ClearCase is another one of those products where the behaviour is not safe. For example, if you find that another person has checked out a file, then you can check it out "unreserved". When you go to check back in a large batch of files, it checks them all back in except for the code that was unreserved (it’s that remembering state thing again). So the net effect is that the code under source code control can't compile. CVS is free and has this facility: why should we pay a premium to make our code base unstable?
It’s been my experience that source control administrators are some of the biggest (or rather smallest) bottlenecks in the company. They are never available when you need them to explain why a file has been swallowed up. When you finally manage to get them to come to your desk, they perform mental gymnastics as they first try to figure out what has happened to your source, then perform verbal gymnastics as they explain why you shouldn't have checked in your file before clicking an obscure checkbox in a deeply nested set of dialogs.
Most IT directors are senile. I can prove it. They think developers are secretaries. How else do you explain them mandating that developers and secretaries have the same administrative rights on their PCs?
Ever tried to install some mandated software? I have been told by every large corporate I've worked at in the past 5 years that either:
(1) We don't have the licence for the mandated software
(2) You don't have permission to install the mandated software
(3) Somebody will come round next week to install the mandated software; or
(4) You'll get sacked if you install the mandated software
It's as if running InstallShield has somehow got just a bit too tricky for us stupid types.
Another great idea borne of lack of experience is that of roaming profiles. It may be OK for lightweight users who pull single files off a file server then replace them. Back in the real world, I need my megabytes locally.
|How the administrator should have reacted...
At one client I got an administrator to change my roaming profile as they had somehow created two of them. Can you guess what happened? Yep, they deleted my source code!
His air of indifference caught me completely off-guard: "Oh well, never mind, it's only 2 weeks' work." Yes, but it was 2 weeks on the critical path of a team of 5 people.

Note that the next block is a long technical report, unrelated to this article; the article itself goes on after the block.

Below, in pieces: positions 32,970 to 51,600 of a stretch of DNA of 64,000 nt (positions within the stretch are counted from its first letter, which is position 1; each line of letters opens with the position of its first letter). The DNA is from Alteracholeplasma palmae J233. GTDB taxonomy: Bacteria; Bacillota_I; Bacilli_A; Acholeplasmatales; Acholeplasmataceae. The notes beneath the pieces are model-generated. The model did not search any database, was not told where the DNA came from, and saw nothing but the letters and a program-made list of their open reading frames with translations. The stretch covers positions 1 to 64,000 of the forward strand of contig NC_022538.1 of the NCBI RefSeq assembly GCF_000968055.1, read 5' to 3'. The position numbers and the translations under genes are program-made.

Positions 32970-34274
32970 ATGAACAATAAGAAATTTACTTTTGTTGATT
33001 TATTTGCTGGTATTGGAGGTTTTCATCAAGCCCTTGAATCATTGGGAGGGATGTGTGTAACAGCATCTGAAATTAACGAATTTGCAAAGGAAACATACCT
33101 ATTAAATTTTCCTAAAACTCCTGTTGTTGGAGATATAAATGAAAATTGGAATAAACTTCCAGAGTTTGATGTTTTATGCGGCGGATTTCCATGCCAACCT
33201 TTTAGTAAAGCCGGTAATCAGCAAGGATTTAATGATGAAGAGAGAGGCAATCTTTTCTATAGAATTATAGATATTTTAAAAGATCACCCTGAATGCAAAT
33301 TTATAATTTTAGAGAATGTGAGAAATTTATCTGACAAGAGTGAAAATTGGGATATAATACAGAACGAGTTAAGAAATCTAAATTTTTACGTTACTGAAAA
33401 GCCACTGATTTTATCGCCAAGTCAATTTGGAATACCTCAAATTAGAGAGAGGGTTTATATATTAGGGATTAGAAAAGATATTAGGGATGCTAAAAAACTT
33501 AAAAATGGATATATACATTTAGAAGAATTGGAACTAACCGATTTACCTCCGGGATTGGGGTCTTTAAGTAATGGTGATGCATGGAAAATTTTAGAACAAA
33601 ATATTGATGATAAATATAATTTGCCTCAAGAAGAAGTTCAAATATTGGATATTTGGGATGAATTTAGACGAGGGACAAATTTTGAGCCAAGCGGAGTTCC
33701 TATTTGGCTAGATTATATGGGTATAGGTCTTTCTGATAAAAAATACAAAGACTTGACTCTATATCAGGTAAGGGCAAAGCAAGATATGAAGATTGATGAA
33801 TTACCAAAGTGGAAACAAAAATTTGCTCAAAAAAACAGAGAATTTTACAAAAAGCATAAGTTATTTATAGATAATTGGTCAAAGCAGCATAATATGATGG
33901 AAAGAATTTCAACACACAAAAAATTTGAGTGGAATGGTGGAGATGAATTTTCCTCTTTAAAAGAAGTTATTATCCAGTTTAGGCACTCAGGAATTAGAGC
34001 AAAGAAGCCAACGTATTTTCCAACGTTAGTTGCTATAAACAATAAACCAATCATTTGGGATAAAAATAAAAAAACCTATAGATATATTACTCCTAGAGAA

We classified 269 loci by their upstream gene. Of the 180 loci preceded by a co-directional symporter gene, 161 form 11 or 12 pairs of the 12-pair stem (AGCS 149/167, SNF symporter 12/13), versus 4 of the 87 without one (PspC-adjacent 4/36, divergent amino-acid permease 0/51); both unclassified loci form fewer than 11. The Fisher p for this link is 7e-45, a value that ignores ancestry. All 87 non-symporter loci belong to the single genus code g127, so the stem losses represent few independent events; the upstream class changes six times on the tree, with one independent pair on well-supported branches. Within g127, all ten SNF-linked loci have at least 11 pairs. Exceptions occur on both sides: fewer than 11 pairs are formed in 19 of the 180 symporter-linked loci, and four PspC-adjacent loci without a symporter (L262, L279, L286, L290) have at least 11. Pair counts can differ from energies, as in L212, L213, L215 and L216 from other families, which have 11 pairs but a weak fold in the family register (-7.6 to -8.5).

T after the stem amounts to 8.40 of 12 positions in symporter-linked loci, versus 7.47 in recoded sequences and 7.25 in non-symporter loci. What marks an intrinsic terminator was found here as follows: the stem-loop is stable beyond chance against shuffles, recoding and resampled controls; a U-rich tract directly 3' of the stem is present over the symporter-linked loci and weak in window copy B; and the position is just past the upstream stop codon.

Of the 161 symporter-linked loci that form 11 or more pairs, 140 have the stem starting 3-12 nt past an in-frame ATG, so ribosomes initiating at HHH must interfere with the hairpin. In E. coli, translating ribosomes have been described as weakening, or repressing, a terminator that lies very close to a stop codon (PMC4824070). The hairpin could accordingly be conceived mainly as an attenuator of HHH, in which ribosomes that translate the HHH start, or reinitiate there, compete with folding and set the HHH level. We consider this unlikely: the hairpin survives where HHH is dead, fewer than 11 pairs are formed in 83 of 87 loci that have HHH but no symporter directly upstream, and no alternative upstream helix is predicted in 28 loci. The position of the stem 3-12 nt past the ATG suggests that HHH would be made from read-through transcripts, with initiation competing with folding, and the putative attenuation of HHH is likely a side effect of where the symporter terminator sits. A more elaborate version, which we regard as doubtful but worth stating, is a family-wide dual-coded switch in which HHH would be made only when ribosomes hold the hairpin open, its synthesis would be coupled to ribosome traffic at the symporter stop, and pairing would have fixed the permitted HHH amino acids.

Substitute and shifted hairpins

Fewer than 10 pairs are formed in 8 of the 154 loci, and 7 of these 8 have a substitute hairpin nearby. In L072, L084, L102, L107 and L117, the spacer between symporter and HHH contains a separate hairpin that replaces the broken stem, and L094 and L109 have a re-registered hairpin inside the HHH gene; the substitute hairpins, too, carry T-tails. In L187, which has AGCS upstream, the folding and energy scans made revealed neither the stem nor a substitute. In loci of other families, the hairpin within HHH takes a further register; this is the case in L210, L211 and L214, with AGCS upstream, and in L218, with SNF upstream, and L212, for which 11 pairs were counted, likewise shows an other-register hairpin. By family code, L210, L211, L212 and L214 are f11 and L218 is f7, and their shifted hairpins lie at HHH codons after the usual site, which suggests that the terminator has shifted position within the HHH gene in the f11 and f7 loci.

Stretching contentedly and taking a sip from his cup of tea, he told me, almost as an afterthought, that they did backups. However, the next day (when out of arm's length) the same administrator told me it would take a week to recover. I finally persuaded him to fast-track me, and then it only took 2 days to be told that all the directories under roaming profile hadn't been backed up, as it was "too expensive". Only a few files were backed up. Consequently I undertook the dismissable offence of downloading an undeleter, and brought my software back in 2 minutes.
The interesting thing is that this particular administrator knew that nothing bad would happen to him as a result of his gross ineptitude, therefore he didn't give a damn. This project was incredibly important to the company - with penalties of GBP £1million per month if the deadlines weren't met! But no matter: "Oh well, never mind..."
The corporate ecosystem has become so dysfunctional
that there is no reason to fear failure, nothing to lose no matter how great your crime. The process, no matter how broken, is king.
You'd think that all these rules and mandates would make corporate IT a safe environment in which to program. Well, their sysadmins certainly have lots of "don'ts". They don't:
(1) Use roaming profiles appropriately
(2) Communicate that only specific sub-directories were backed up
(3) Apologise (ever)
(4) Provide quick access to the backups online
(5) Have any undelete software
Administrators also like to further frustrate our lives with the overuse of firewalls. Now let's get this clear: I have nothing against firewalls - especially when they're used properly.